1/27/239:00 am Cropping Photos on Your Mac in the Photos App Learn how to use the cropping tools in the Photos app. You can crop to any part of the photo, or stick with specific aspect ratios. You can also rotate and adjust the perspective of a photo. Check out Cropping Photos on Your Mac in the Photos App at YouTube for closed captioning and more options. Video Transcript: Hi, this is Gary with MacMost.com. Let me show you how to use the Cropping Tools in Mac Photos. MacMost is brought to you thanks to a great group of more than 1000 supporters. Go to MacMost.com/patreon. There you can read more about the Patreon Campaign. Join us and get exclusive content and course discounts. So one of the fundamental things you may need to do with photos in the Photos App is crop them. Let's choose an example photo like this one. Say we want to get to the Cropping Tool. Cropping Tool is one of many Edit tools available here. First you want to enter the Edit mode. Click the Edit button here at the top right hand corner. You could also use the keyboard shortcut. Under image you'll see Show Edit Tools. The keyboard shortcut there is just the Return Key. So we'll use the Return and we're in editing mode. Now you'll see there are several different modes inside this, Adjust, Filters, and Crop. I can click here to enter the Cropping Mode. The keyboard shortcut is just to press C at this point. Now you're in Cropping Tools here and you'll see them here on the right. The basics are you've got this box with these four corners here that you can now drag to crop the photo. So, for instance, if I want to crop out some of the bottom left I can drag the corner here and you can see as I drag what the crop will look like. I can release and it will then recenter and resize the photo so now I just see the cropped area. I can continue to crop it more like that. If I want to crop back out I can simply drag in the opposite direction and kind of push against the edge of the window and it will come back out to include more of the photo. Then wait a second and you can see it resizes and recenters. You can also drag the edges like this to crop. If you hold the Option key down and drag one of the corners then all four corners move in and out together like that. Other modifier keys do other things. For instance if you grab a side and Shift key down notice how the top and bottom will change along with the side you're dragging but the opposite side will stay in the same place. If you hold the Option key will dragging a side then the opposite side will drag along with it. Now let's say you Crop a photo to get to be about the right size. But you don't have quite the right part of the photo in there. Instead of recropping everything simply click and drag in the middle of the photo and the crop stays the same but what part of the photo it is showing will change. Another thing you could do when you're in the middle of cropping is on a trackpad use two-fingers to pinch in or out to zoom in or out on the photo. Now chances are when you're actually dragging a corner you're going to end up with a non-standard width and height ratio, which may be fine for a lot of uses. But if you wanted to stick with something standard you can use the Aspect Menu here. For instance you can choose Square and you get a perfect square where the width and height are equal. So at that point you can zoom in and out and drag around to get your photo to fit within that square. You could also, of course, hold the Option key and drag the corner and it will stay as a square. You could use other ratios as well. For instance the standard for video is 16 x 9. So if you're planning on using this photo maybe in an iMovie project you may want to crop it to this ahead of time to get it perfect before you import it. Then you have other sizes here that are good for printing. For instance if you're using a photo printer or sending them somewhere online to be printed and you want to do a 5 x 7, there's a 5 x 7 ratio or a 4 x 3 ratio. You can also choose Custom here and then type your own ratio amount. If you ever want to return to the actual ratio that was used in the original photo click Original. It will go back to that ratio and you can use the Option key to stick to the ratio and get to a smaller size and crop some other portion of what's in here. Also note that for any of these ratios you can switch from horizontal to vertical here at the bottom. So, for instance, you could do a 5 x 7 and then switch to a vertical 5 x 7 or 7 x 5. You have other options here that are bundled in with Crop. One is Straighten which used to be called rotate. Basically you can drag this line back and forth to rotate the photo. It will zoom in and out to make sure that there is always something within the cropping area. There's no blank spaces. So if you want you can zoom in ahead of time, like that, and then you see if you straighten it doesn't need to do that because there is plenty of image to fit around the corners. As you straighten you get these lines here so you can really, kind of, align up something like the horizon to one of these horizontal lines. Also down here at the bottom you'll notice an Auto Setting. Auto will automatically straighten the image based on some camera information and maybe if it can see the horizon. Use that here and you can see how it straightens out that line right there that it finds. Also notice there's a Reset button right next to it. So no matter what you do here or how you may crop things if you use this Reset button it resets all the cropping back to the original. There's also this Flip Tool here which will flip the image like that. If you ever need to flip vertical hold the Option key down and then you can do a vertical flip. You'll also have the vertical and horizontal perspective changes here which can be use in interesting ways. Like, for instance, take this selfie here and do a little bit of a horizontal adjustment this way and the photo looks a bit more natural. The important thing to remember with cropping in the Photos App, or in any editing you do, is the changes aren't permanent. When you're done this is what the photo will look like in your library and it will stay like that. When you use it somewhere else this is what you'll get. But you always have the ability to use this Revert to Original button or even when you're just looking at the photo you can go to Image and Revert to Original. The original is always saved along with what edits you've made. So when you crop something you're never destroying the original image. You're replacing it with a cropped image. You can always get back to the original image. So say if you wanted to crop this photo here, just down to the swans like that, and use it for something. You can and then you can always go back and Revert to Original to get back the entire photo. I hope you found this useful. Thanks for watching. Related Subjects: Photos (39 videos) Related Video Tutorials: How To Resize Photos With a Shortcut On Your iPhone or iPad ― 7 Steps To Edit Your Photos In the Mac Photos App ― A Script For Adding Borders and Captions To Photos ― 15 Things You May Not Know You Can Do In Mac Photos Comments: 5 Responses to “Cropping Photos on Your Mac in the Photos App” Todd 2 months ago Great tutorial, Gary, as always! Question: The crops in Photos always seem to be only some form of square or rectangle, but no circle. Is it possible to make a circular crop in Photos? I know Preview can do it, but I have not found how to do it in Photos. Gary Rosenzweig 2 months ago Todd: No, you can't have an image file that is not rectangular. Circular images and the like would be rectangular images with the area outside of the shape simply transparent. You can do that with most image editing apps. It is always a rectangle, but with some transparent pixels. Frank Scully 2 months ago Can you explain what the difference is between 4 X 3 and 16 X 9. Both seem to me to be the same mathematical proportion Gary Rosenzweig 2 months ago Frank: 4x3 ad 16x9 are not the same. 4x3 would be the same as 12x9, not 16x9. Graham Hoare 2 months ago Gary having owned Apple devices for 18 years I have learnt a lot from this video- Thank you Leave a New Comment Related to "Cropping Photos on Your Mac in the Photos App" Name (required): Email (will not be published) (required): Comment (Keep comment concise and on-topic.): 0/500 (500 character limit -- please state your comment succinctly and do not try to get around this limit by posting two comments) Δ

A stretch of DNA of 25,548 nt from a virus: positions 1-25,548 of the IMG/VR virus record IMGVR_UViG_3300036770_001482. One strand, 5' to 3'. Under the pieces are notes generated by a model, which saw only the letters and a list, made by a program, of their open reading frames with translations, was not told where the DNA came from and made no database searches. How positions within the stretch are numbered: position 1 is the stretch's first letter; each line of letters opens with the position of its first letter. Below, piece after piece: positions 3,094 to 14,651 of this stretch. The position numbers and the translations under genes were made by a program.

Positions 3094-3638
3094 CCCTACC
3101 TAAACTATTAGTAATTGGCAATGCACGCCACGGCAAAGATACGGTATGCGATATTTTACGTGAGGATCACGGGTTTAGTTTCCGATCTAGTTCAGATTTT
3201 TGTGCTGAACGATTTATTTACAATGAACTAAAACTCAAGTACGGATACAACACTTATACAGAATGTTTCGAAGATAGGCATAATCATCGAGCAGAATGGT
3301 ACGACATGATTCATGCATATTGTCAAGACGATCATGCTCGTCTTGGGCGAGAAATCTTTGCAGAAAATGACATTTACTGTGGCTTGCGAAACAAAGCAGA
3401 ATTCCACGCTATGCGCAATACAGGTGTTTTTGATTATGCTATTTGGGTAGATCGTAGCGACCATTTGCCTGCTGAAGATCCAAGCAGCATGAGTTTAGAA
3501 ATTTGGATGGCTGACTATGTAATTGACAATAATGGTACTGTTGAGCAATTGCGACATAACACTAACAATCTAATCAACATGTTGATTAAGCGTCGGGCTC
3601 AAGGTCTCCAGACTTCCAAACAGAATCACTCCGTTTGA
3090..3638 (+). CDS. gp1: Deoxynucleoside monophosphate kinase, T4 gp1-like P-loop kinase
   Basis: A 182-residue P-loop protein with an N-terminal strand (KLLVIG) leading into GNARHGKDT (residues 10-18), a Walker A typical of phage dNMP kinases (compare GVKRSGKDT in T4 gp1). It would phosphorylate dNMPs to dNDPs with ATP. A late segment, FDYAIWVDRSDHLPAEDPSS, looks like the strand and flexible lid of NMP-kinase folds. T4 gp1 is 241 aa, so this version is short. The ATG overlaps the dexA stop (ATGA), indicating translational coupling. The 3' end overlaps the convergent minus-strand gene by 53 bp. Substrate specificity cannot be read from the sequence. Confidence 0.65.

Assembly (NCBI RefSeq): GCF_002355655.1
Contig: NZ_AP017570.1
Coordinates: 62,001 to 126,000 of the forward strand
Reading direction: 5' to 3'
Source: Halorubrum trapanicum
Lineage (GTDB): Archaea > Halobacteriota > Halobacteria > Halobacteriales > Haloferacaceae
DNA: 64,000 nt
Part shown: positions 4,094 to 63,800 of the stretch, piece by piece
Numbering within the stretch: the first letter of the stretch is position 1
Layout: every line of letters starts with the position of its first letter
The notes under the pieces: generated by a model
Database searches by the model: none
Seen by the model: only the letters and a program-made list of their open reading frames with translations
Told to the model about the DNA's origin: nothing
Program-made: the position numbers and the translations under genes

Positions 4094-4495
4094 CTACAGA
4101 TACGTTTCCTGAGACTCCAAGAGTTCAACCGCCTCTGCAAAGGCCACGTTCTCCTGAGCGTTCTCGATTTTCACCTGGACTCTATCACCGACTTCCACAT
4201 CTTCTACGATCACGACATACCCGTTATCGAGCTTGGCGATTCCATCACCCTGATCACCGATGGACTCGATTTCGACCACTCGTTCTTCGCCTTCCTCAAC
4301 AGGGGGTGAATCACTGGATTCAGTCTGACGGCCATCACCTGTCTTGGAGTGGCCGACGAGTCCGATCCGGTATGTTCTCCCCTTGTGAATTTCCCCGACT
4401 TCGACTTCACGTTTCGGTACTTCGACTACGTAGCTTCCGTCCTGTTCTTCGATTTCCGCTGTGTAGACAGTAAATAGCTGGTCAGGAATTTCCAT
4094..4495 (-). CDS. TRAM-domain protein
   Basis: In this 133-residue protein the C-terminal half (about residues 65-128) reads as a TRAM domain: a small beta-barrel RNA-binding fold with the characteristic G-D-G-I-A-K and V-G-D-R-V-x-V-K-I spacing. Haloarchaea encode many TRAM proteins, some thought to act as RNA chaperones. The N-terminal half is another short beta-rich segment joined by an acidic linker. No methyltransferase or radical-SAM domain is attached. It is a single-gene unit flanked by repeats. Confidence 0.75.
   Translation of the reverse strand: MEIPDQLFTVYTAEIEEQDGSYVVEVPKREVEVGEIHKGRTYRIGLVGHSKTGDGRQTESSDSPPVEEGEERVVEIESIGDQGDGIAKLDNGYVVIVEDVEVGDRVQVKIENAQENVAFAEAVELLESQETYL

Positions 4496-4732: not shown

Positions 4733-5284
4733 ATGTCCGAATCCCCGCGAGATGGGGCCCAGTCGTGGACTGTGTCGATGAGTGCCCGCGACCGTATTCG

Great tutorial, Gary, as always!
Question: The crops in Photos always seem to be only some form of square or rectangle, but no circle. Is it possible to make a circular crop in Photos? I know Preview can do it, but I have not found how to do it in Photos.
Todd: No, you can't have an image file that is not rectangular. Circular images and the like would be rectangular images with the area outside of the shape simply transparent. You can do that with most image editing apps. It is always a rectangle, but with some transparent pixels.
Can you explain what the difference is between 4 X 3 and 16 X 9. Both seem to me to be the same mathematical proportion
Frank: 4x3 ad 16x9 are not the same. 4x3 would be the same as 12x9, not 16x9.
Gary having owned Apple devices for 18 years I have learnt a lot from this video- Thank you